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Member Since 29 Jul 2001
Offline Last Active Yesterday, 11:39 PM

#5181817 GPU Particle Update

Posted by Promit on 20 September 2014 - 10:27 PM

It's probably better to have one compute shader that does everything, possibly with conditional compilation if needed. The old "ubershader" approach, basically.

#5180881 How do work at home game developer jobs work

Posted by Promit on 16 September 2014 - 08:09 PM

The times I've seen work at home game developers in the professional arena are:

1) Startups who don't have a choice and indeed may not have an office in the first place

2) Situations where a current high level employee decides to relocate and the company really, really values that engineer

3) People who have a lot (think 20 years) of industry experience and are highly valued. These are usually contract positions, not full time

4) Other, misc short term contracting deals - usually through industry experience and strong contacts


You do NOT just go out and get a remote job.


That said, usually VPN and the necessary equipment at home solves the problem you asked about nicely.

#5180756 I want to be a graphics programmer. Am I on the right path?

Posted by Promit on 16 September 2014 - 11:12 AM


Yes on that count as well. There are a lot of SIGGRAPH proceedings worth reading, as well as tons of hardware and platform documentation released by NV and AMD.

Do you have any download links to the SIGGRAPH proceedings?


Ke-Sen Huang's page is the massive archive: http://kesen.realtimerendering.com/

But a more focused place to start is the Physically Based Shading courses: http://blog.selfshadow.com/publications/

Most of SelfShadow's blogroll is also extremely high quality reading material from people who are not only skilled and knowledgeable, but also highly reachable (typically through twitter).

#5180366 I want to be a graphics programmer. Am I on the right path?

Posted by Promit on 14 September 2014 - 08:34 PM

Do people actually read a gigantic stack of books to become a pro at this?

Yes, but it's not sufficient.

Or is it better to skim the books and work on graphics demos that build your knowledge over time, only diving into the stack of books when necessary?

Yes on that count as well. There are a lot of SIGGRAPH proceedings worth reading, as well as tons of hardware and platform documentation released by NV and AMD.


Ultimately however, collecting knowledge without context or application serves no purpose. The high quality people in this industry don't learn by reading, they learn by doing. Reading is a useful way to fill in holes and compare notes with those who are more knowledgeable, as are communities. These are most effective when you are actually in the process of building a full blown rendering system, and can contextualize the information.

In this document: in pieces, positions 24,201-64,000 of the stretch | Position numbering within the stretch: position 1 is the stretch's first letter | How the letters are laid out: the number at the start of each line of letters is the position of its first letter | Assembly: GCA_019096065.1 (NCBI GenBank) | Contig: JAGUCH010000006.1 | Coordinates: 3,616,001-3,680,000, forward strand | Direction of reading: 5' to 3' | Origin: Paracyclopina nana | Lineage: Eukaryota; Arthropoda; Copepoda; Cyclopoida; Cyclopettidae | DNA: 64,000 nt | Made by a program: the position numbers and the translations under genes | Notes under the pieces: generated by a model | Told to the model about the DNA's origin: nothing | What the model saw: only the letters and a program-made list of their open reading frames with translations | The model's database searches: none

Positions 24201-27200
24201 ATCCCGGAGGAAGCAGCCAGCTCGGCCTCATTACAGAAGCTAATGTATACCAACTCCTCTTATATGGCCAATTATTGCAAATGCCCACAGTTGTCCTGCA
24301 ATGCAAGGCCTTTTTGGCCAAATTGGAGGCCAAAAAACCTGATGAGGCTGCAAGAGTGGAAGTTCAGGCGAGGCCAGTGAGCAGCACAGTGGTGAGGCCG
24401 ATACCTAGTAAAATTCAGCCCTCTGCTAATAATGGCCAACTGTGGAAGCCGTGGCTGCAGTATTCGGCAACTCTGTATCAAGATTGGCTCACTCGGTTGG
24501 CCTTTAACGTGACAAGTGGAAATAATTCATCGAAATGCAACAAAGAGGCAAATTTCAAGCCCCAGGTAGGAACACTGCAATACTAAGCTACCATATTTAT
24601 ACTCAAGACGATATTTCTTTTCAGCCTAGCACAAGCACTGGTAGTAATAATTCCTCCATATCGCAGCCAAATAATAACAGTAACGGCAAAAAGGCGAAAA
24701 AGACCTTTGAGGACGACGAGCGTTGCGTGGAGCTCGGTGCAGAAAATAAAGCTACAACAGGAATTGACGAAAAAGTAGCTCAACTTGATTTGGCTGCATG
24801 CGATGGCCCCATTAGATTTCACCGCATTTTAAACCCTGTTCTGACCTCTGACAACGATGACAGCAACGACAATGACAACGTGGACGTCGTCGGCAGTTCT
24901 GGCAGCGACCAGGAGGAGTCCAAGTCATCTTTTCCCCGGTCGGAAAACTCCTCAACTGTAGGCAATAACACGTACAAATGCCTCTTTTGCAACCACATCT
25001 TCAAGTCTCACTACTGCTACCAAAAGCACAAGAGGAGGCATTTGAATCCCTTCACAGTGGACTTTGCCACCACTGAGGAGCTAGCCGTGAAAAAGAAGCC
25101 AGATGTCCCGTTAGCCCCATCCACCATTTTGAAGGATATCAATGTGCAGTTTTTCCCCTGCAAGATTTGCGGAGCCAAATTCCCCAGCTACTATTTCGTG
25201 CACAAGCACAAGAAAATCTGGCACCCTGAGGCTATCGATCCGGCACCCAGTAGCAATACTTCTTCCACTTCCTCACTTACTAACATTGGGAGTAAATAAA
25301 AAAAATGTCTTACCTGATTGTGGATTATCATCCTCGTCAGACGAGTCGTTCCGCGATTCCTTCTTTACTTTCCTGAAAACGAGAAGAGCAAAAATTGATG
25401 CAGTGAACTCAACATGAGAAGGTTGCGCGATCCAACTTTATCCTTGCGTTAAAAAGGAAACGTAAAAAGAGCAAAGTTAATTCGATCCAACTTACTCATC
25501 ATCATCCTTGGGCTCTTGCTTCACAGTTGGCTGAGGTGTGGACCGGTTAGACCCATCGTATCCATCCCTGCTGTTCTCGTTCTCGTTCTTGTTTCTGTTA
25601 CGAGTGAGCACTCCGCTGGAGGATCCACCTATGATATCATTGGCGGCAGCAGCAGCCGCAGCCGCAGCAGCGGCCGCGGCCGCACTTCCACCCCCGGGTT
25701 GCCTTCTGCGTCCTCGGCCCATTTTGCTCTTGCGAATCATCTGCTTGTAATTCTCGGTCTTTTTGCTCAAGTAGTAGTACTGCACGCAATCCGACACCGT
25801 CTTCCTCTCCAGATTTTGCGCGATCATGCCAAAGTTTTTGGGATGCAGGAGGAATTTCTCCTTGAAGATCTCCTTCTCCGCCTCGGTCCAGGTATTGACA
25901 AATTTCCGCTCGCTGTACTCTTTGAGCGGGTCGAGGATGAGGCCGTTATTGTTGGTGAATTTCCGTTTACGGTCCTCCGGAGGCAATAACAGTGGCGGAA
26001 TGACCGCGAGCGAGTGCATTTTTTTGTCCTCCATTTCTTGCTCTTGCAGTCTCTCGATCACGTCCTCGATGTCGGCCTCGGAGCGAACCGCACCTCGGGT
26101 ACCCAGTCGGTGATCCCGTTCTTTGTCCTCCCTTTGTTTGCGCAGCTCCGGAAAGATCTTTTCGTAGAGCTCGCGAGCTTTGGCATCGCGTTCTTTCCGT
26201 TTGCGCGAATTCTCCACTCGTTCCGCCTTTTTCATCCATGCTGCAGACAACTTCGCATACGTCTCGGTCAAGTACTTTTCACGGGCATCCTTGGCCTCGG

#5180019 LOD in modern games

Posted by Promit on 13 September 2014 - 12:56 AM

In the general case, hand done LODs of models at three or four distances, maybe plus an impostor billboard of needed. Simple alpha fade between them. Nobody is bothering with continuous LOD or other automated systems, as they have several flaws:

* Expensive on CPU

* Require dynamic GPU buffers

* Pretty much ruin any chance of instancing/batching - this is a huge problem

* The vast majority of methods are not able to cope with tex coords, normals, tangent spaces, and all the other real world stuff verts actually use. This becomes a huge n-dim optimization problem.

* In conjunction with the above, LOD changes create severe popping artifacts due to discontinuities in the various spaces

* Vertex processing isn't the limiting factor in nearly every system


The primary use of LOD right now is to prevent small triangles from being rasterized. Rasterization of tiny (less than 8x8 pixels in particular) triangles is catastrophically slow on modern hardware and negatively impacts overall fragment shading efficiency. There are a few special cases where more sophisticated LOD techniques are useful, notably (and almost exclusively) terrain.

#5179791 Can concave polygons be used in pathfinding?

Posted by Promit on 12 September 2014 - 01:23 AM

It's called convex decomposition, and apparently there are quite a few papers on the topic. Most are probably more complex than what you need.

#5179790 Which algorithm is more efficient for visibility culling? BSP or OCTree?

Posted by Promit on 12 September 2014 - 01:19 AM

I would start with the venerable kD tree.

#5179777 1D and 3D textures useless?

Posted by Promit on 11 September 2014 - 11:54 PM

I know I can create my own organization, but as I said I want it to be exactly as a 3D texture because maybe it will have the same performance optimizations.

Don't count on it. The graphics driver will reshape your textures into different memory layouts that tend to favor the underlying hardware and things like cache locality. This blog post actually has a very nice summary:


Although it doesn't discuss what the driver/hardware does with 3D textures. (The driver may just treat 3D as a stack of 2D. Not sure.)

#5179765 best way to make game render most efficient

Posted by Promit on 11 September 2014 - 10:45 PM

There are essentially three things that allow a developer to build a game that renders very efficiently:

1) Understand the underlying hardware (GPU and system architecture) and software (driver and API) in detail. The more detail the better. Think incredibly detailed. The best graphics developers have most likely worked for AMD or NVIDIA, or very closely with those companies.

2) Understand the structure of the game's rendering pipeline in detail. This means ALL of the draw calls being issued per frame, what inefficiencies exist, what timings look like, where stalls occur, etc.

3) Understand how to analyze, test, and modify the game with the knowledge of (1) and (2) to fine tune the balance between all the pieces of a renderer and its interaction with the underlying systems.